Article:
console.log('D + E + V');
        } else if(down[0] === 16 && down[1] === 46) {
            console.log('SHIFT + DEL');
        }
        /* more conditions here */
    }
    map[e.which] = true;
}).keyup(function(e) {
    map[e.which] = false;

    /* important for detecting repeat presses of
       last key while holding first key(s)
       (can be shortened. see fiddle) */
    var len = down.length;
    while (len--) {
        if(down[len] === e.which) down.splice(len,1); //removes only the keyup'd key
    }        
    $('.alert').html('');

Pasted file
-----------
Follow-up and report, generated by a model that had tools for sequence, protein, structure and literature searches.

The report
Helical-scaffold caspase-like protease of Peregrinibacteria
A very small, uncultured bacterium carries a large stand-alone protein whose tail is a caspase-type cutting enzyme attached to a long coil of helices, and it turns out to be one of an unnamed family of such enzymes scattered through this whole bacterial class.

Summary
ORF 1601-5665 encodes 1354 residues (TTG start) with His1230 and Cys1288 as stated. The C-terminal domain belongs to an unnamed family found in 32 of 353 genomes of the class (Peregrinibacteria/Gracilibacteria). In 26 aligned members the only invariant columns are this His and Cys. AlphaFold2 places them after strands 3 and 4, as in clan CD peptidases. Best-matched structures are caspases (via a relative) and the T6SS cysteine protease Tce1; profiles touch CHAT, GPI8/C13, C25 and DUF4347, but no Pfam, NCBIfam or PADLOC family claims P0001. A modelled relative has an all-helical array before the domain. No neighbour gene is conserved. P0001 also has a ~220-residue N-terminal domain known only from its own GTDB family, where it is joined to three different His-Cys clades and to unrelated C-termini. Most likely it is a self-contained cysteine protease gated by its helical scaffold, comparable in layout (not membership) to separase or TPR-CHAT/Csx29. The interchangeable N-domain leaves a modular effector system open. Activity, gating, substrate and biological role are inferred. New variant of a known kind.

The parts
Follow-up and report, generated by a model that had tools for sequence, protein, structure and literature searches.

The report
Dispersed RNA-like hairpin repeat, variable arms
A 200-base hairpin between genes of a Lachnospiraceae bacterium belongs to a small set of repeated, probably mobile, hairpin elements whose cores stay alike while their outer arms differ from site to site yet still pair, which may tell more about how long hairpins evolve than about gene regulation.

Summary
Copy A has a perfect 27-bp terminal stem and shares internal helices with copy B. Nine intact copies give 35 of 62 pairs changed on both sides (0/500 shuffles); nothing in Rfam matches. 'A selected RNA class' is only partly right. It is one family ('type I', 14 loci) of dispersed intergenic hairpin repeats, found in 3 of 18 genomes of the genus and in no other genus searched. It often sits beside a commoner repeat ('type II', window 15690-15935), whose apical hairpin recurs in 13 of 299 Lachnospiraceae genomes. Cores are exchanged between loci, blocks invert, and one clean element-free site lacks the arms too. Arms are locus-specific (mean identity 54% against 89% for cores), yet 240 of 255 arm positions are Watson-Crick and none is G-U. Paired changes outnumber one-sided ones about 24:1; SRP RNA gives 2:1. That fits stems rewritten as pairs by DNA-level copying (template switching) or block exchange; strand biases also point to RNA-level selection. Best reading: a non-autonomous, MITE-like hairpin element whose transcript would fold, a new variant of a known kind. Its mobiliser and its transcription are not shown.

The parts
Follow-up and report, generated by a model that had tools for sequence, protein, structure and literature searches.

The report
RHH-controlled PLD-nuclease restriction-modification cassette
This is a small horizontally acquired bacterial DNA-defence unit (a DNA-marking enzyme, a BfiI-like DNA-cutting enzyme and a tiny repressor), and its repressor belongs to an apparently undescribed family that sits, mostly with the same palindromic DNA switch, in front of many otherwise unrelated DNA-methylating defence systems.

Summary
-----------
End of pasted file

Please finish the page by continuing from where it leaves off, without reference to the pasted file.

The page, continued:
});

Additional thoughts: If you only kinda care about the order - that is, the first keys just need to be down, as long as your main event-firing key is pressed last (stuff like CTRL+SHIFT+TAB, TAB, TAB), add this condition:

else if(down.length>2) {
    if($.inArray(68,down)!=-1 && $.inArray(69,down)!=-1 && down[2] === 86) {
        $('.alert').html('A hacky D+E+V was pressed');
    }
}

fiddle with more glorious options and live demo: - http://jsfiddle.net/kstarr/4ftL1p3k/

share|improve this answer

https://github.com/JesseBuesking/jquery.hotkeys.extended

Check this out. You might be looking for this.

We can trigger a function on multiple key press. eg: p+t+k

 $(document).hotkeys('p', 't', 'k', function (){
        //show blurbox
        $('#popup').blurbox({
            blur: 10, animateBlur: true, bgColor: 'rgba(255,255,0,0.2)'
        })bb.show();
    });

maybe your looking for this.

share|improve this answer
    
please provide a full answer, not just a link –  slfan Oct 23 at 11:49